One year of obesity slashes women's chances of surviving cancer

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One year of obesity slashes women's lifelong chances of surviving cancer, new study reveals The World Cancer Research Fund tracked the weights of over 47,000 women  Study found that every 12 months of obesity raises cancer risk by four per cent  Overweight people are more likely to have insulin resistance and health issues 

By Eleanor Hayward Health Reporter For The Daily Mail

Published: 00:05 BST, 1 August 2019 | Updated: 00:05 BST, 1 August 2019

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Being overweight for just a year dramatically reduces women’s lifelong chances of surviving cancer, a major study has revealed.

For every 12 months spent obese or overweight as an adult, the risk of dying after a breast or bowel cancer diagnosis in later life rises by up to four per cent.

The link between excess weight and cancer developing in the first place is well established, but the new study is the first to show how having a BMI higher than 25 can also slash survival rates. The World Cancer Research Fund tracked the weight of 47,000 women between the age of 20 and 50. Of these 1,500 went on to develop breast or bowel cancer after the menopause.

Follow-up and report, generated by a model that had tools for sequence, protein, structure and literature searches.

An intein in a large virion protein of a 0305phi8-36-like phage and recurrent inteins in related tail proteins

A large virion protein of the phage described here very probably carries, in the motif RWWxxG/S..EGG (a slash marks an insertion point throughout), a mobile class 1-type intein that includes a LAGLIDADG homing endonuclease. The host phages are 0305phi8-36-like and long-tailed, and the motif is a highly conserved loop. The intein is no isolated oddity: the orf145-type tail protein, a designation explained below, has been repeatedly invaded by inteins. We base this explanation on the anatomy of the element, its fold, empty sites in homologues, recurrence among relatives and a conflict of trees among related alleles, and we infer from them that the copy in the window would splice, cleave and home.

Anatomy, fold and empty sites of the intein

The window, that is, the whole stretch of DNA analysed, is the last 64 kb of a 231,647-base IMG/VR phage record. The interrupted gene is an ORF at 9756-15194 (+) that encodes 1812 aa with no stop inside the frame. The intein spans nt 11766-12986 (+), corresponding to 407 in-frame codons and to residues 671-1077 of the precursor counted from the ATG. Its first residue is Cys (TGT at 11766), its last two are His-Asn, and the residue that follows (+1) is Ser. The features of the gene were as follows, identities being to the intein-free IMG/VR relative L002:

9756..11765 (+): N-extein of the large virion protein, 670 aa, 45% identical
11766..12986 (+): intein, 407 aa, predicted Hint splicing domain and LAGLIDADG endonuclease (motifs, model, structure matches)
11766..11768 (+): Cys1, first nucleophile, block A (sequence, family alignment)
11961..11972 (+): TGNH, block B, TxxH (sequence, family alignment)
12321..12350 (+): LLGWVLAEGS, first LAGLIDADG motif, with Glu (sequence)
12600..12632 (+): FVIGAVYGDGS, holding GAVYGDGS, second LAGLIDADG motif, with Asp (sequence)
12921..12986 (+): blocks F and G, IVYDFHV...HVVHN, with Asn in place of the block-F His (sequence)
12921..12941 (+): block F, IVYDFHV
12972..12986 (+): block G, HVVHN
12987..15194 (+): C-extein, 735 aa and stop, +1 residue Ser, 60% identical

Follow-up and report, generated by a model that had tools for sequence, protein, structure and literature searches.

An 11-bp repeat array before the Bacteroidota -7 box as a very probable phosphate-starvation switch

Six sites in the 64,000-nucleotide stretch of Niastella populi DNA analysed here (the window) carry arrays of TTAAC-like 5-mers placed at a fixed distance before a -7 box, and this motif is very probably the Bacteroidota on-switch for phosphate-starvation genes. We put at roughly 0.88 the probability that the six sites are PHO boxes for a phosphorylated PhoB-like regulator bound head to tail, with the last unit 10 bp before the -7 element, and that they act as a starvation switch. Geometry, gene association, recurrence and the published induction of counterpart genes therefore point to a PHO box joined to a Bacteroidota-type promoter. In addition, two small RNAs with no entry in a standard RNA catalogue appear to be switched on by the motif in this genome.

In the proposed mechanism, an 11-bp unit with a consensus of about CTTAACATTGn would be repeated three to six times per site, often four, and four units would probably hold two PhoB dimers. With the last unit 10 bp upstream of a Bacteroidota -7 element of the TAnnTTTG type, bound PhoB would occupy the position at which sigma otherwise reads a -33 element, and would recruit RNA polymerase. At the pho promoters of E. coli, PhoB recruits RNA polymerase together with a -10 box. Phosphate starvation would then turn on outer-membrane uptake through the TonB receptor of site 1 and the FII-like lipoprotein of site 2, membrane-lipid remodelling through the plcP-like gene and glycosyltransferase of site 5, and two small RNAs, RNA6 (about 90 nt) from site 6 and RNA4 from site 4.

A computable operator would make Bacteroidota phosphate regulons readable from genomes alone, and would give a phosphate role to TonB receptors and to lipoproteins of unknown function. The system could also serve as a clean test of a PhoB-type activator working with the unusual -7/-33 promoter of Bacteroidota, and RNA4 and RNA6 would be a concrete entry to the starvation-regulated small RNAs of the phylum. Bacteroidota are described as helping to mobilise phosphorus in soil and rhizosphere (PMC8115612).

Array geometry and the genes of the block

Every year spent obese as an adult raises the risk of dying from certain types of cancer by four per cent

Every year spent obese as an adult raises the risk of dying from certain types of cancer by four per cent

The Swedish researchers found that each year of being overweight cut a woman’s chances of surviving bowel cancer by four per

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